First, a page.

executive is calling for the U.S. government to regulate facial-recognition technology, an area
and other tech-giant rivals have made significant bets, and where Microsoft has made its own investments.
It is also the latest controversial topic
Microsoft’s president and chief legal officer, has taken on. He has recently challenged the Trump administration over the immigration travel ban and the separation of children from parents at the Mexican border. He also has weighed in on the role of artificial intelligence in society and tangled with the government over law-enforcement efforts to secretly search customer data on Microsoft servers in the U.S. and abroad.
Facial-recognition technology has become deeply integrated in tech giants’ products, whether the key feature for unlocking Apple’s iPhone X or identifying people in Google’s photos app.
In his latest missive, Mr. Smith tackles the potential “sobering” uses for facial-recognition technology, such as creating a database of everyone who attended a political rally or governmental tracking of residents as they move about without their permission or knowledge.
“The only effective way to manage the use of technology by a government is for the government proactively to manage this use itself,” Mr. Smith wrote in a blog post scheduled for Friday.
But he also challenged the notion companies could regulate themselves alone. Change won’t occur, he said, if a few companies adopt new standards while rivals ignore them.
Microsoft has developed its own facial-recognition technology, called Face. Among its customers is Uber Technologies Inc., whose drivers take selfies to verify their identity when they launch the app to start picking up passengers. Microsoft declined to say whether any law-enforcement agencies use Face.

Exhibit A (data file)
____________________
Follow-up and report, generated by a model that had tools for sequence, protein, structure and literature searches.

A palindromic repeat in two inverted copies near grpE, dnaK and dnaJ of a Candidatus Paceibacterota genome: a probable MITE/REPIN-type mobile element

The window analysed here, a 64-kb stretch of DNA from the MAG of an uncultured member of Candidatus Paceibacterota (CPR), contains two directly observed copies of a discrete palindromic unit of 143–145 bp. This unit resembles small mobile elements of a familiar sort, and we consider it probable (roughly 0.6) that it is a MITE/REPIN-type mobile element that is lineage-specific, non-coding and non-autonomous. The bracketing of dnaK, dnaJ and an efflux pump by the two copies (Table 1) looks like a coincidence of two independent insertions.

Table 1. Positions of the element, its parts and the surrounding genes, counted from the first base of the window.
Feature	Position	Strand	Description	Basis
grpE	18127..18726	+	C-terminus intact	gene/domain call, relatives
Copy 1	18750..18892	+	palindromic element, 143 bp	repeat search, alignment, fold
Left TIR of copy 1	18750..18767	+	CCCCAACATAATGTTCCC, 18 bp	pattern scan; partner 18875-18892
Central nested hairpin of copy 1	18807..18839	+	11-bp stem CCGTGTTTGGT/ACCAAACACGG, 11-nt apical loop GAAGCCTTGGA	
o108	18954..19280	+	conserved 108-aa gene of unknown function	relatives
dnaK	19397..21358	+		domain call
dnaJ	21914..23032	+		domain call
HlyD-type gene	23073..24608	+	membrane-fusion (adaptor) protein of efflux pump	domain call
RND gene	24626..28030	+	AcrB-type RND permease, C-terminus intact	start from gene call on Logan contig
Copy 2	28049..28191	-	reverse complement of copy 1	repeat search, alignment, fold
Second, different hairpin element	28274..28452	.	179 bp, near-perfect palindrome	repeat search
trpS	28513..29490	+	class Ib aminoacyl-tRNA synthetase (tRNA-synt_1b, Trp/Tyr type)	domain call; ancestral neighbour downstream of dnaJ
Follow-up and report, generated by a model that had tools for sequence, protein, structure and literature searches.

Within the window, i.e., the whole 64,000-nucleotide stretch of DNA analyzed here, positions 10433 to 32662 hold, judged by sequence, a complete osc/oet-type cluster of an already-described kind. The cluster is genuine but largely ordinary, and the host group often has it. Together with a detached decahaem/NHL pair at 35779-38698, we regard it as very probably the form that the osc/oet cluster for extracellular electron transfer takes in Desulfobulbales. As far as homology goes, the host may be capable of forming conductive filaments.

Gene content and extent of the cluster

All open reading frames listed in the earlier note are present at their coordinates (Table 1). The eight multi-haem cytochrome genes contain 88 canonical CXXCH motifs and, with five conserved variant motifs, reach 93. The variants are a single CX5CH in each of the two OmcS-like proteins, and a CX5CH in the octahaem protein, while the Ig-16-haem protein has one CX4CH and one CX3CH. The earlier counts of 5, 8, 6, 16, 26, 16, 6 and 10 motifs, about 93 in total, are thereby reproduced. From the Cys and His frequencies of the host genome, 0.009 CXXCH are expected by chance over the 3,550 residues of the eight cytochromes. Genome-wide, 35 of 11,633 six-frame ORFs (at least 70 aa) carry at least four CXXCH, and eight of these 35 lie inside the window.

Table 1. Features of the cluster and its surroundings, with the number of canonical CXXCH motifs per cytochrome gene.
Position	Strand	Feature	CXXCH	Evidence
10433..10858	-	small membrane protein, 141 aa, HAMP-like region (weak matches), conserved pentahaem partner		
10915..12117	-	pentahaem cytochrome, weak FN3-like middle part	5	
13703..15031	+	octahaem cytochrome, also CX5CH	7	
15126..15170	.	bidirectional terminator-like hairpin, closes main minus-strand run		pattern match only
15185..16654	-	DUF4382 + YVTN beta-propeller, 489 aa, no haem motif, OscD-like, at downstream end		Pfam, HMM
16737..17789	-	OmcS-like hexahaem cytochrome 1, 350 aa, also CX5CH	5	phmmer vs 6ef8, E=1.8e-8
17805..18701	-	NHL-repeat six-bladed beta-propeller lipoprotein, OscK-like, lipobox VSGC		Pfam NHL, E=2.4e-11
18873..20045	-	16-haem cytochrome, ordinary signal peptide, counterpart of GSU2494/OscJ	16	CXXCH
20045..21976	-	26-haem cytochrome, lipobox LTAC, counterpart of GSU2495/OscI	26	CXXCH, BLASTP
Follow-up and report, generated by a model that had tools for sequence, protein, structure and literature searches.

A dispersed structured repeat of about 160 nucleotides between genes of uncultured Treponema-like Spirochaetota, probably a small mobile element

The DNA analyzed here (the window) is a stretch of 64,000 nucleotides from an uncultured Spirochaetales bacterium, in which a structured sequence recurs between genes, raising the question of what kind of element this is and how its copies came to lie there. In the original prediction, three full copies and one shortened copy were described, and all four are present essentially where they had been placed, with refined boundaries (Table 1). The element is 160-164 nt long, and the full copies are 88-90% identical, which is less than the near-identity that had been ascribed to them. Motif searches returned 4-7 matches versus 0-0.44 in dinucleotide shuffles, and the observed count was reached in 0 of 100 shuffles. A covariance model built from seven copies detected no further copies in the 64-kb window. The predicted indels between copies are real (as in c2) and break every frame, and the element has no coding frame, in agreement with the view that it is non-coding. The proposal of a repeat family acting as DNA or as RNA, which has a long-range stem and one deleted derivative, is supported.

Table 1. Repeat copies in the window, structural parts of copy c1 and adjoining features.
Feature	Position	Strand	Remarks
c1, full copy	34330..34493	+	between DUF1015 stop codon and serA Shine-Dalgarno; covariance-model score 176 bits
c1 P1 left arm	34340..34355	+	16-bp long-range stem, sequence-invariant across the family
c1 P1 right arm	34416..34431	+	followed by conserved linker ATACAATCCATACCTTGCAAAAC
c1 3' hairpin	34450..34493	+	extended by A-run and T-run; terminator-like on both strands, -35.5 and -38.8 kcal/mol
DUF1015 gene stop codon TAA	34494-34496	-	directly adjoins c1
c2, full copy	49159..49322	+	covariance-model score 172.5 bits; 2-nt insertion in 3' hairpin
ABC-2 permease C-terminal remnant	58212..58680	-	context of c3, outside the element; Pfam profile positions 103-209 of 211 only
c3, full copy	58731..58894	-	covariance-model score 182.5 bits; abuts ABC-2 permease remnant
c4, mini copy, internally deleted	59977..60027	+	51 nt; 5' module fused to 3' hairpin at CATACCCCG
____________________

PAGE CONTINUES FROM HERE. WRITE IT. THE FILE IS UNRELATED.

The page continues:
Facial-recognition technology has been a lightning rod for criticism. Facebook’s use of facial recognition in photos uploaded to the platform drew a complaint from consumers to federal regulators earlier this year.
in May found itself embroiled in the contentious issue of government surveillance when dozens of civil-rights organizations called on the company to stop selling its facial-recognition technology, called Rekognition, to law-enforcement organizations.
In its response at the time, Amazon said the quality of life would be diminished “if we outlawed new technology because some people could choose to abuse the technology.”
Microsoft was dragged into the debate a month later, when more than a hundred of its employees signed an open letter posted on an internal message board demanding the company no longer provide technology to the U.S. Immigration and Customs Enforcement, over concerns about the agency’s role in separating children from their parents. Mr. Smith noted in the blog post that the ICE contract “isn’t being used for facial recognition at all.”
Write to Jay Greene at Jay.Greene@wsj.com